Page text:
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Retired From G.M. at 54. Pensionless at 74?

General Motors is using its huge pension fund in a way it never intended.

It had planned — and put money aside — for a steady march of retirees over time. But instead, tens of thousands of blue-collar workers, most in their 40s and 50s, are all becoming eligible for retirement benefits now, as the company rapidly downsizes.

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And even as its pension fund faces this giant bulge in payouts, G.M. is not putting any new money in — the company is not required to make any contributions to the fund until 2013.

The longer this goes on, the weaker the fund will be and the more uncertain its long-term viability.

For now, the pension payments to its younger “retirees,” part of a deal G.M. negotiated with the United Automobile Workers union in 2007, allow the company to drastically shrink its work force without having to come up with the cash to pay severance. The payments also relieve some of the burden on social service programs in the countless factory towns and counties around the country with large numbers of G.M.’s newly jobless.

“G.M. basically raided the pension plan, by having a lot of these severance benefits paid through it,” said Douglas J. Elliott, a fellow with the Brookings Institution who specializes in financial institutions and policy.

What G.M. has done is perfectly legal. Nor is this the first time an employer has used a pension fund to pay for pruning its ranks. Well-subsidized early retirements are a time-honored practice in the public sector, where teachers often retire after 30 years and police officers can sometimes claim rich pensions after working as few as 20 years. Many corporations once offered sweetened pensions to people in their 50s and early 60s as well, but they have generally stopped the practice because it locked them into making payments indefinitely.

G.M. never stopped. To the contrary. The question now is whether the plan will run short of money and what effect that might have on the company, its workers and retirees, and the federal government, which insures pensions and is now G.M.’s majority owner.

In the short term, G.M.’s newly minted retirees, those in their 40s and 50s, have the most to lose if the plan is rapidly depleted and fails. But over time, the risk will shift to the government and the dwindling number of active U.A.W. workers still building cars at G.M. For those workers, a secure pension is already becoming an increasingly distant dream.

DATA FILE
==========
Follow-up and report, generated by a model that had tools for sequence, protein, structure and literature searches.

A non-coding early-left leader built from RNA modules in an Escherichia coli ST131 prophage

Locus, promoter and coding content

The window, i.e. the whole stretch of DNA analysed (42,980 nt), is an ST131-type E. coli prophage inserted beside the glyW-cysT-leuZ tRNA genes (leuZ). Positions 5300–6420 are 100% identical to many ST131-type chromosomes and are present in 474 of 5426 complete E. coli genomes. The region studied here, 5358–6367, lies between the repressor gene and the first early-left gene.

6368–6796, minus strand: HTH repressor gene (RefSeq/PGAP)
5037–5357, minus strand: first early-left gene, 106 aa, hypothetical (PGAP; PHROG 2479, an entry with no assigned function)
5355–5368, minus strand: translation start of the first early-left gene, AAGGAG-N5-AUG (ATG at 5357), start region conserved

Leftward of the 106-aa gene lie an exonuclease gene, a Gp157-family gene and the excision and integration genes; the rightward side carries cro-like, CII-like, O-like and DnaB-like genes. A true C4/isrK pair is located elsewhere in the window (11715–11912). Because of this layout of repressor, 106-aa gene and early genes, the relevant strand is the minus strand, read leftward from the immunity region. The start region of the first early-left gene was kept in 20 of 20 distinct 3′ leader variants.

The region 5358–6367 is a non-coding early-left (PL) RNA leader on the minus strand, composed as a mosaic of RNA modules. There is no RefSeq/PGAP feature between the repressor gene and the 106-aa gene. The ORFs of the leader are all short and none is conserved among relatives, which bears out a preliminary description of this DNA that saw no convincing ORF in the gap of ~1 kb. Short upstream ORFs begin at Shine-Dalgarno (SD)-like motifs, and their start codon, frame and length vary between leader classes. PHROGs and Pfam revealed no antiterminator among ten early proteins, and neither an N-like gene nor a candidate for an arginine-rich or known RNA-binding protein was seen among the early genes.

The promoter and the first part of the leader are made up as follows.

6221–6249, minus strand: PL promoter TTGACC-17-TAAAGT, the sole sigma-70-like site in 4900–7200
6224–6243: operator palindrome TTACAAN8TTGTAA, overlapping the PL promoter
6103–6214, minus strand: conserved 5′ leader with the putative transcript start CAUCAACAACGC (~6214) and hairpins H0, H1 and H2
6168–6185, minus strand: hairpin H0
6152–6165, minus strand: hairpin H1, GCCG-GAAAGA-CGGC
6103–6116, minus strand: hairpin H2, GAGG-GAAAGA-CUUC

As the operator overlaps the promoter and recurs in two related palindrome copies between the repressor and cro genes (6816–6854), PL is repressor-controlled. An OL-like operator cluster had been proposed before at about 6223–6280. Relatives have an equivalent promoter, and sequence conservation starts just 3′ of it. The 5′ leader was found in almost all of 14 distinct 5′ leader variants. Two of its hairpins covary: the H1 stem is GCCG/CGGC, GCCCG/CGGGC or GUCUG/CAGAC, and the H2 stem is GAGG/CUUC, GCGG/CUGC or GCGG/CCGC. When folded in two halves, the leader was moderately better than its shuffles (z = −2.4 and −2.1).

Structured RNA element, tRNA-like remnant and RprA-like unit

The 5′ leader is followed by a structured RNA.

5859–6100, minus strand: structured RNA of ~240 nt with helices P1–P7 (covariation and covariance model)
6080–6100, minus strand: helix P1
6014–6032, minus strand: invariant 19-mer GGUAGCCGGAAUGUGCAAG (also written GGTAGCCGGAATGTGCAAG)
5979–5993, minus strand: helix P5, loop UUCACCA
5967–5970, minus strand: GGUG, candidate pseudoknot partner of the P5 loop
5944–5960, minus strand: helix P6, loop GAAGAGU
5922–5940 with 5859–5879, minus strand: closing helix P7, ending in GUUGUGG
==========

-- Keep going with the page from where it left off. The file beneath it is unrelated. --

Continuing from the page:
“They could find that they don’t get their full pensions when they retire, because the plan has had to be terminated because of the payments to current retirees,” Mr. Elliott said. “There are definitely these intergenerational transfer issues with underfunded pensions.”

G.M. declined to discuss the situation, although it has said it intends to keep the plan going when it emerges from bankruptcy.

For decades, G.M.’s blue-collar workers have earned pensions with two components. The first is the “basic benefit,” currently about $1,590 a month, or $19,000 a year, for an auto worker with 30 years’ service. The U.A.W. won this “30-and-out pension” after a strike at G.M. in 1970, and still considers it something close to an inalienable right. In a 30-and-out plan, someone can go to work at 18, work nonstop for 30 years and retire at 48.

The second part is a supplement, worth what each worker’s Social Security benefit will be on the earliest date he or she can start drawing the benefits, currently age 62. (Even then, the workers are joining Social Security three years early, so they qualify for just 80 percent of the full benefits they would get at 65.)

Even in the days when G.M. was healthy, years ago, most of its 30-and-out retirees were too young to qualify for Social Security. The supplements were supposed to make up the difference until the retiree became eligible for Social Security.

The total dollar amounts are not eye-popping. Unlike many pension plans in the public sector, G.M.’s U.A.W. plan cannot be “spiked” by working insane amounts of overtime just before retirement. Nor is it indexed for inflation.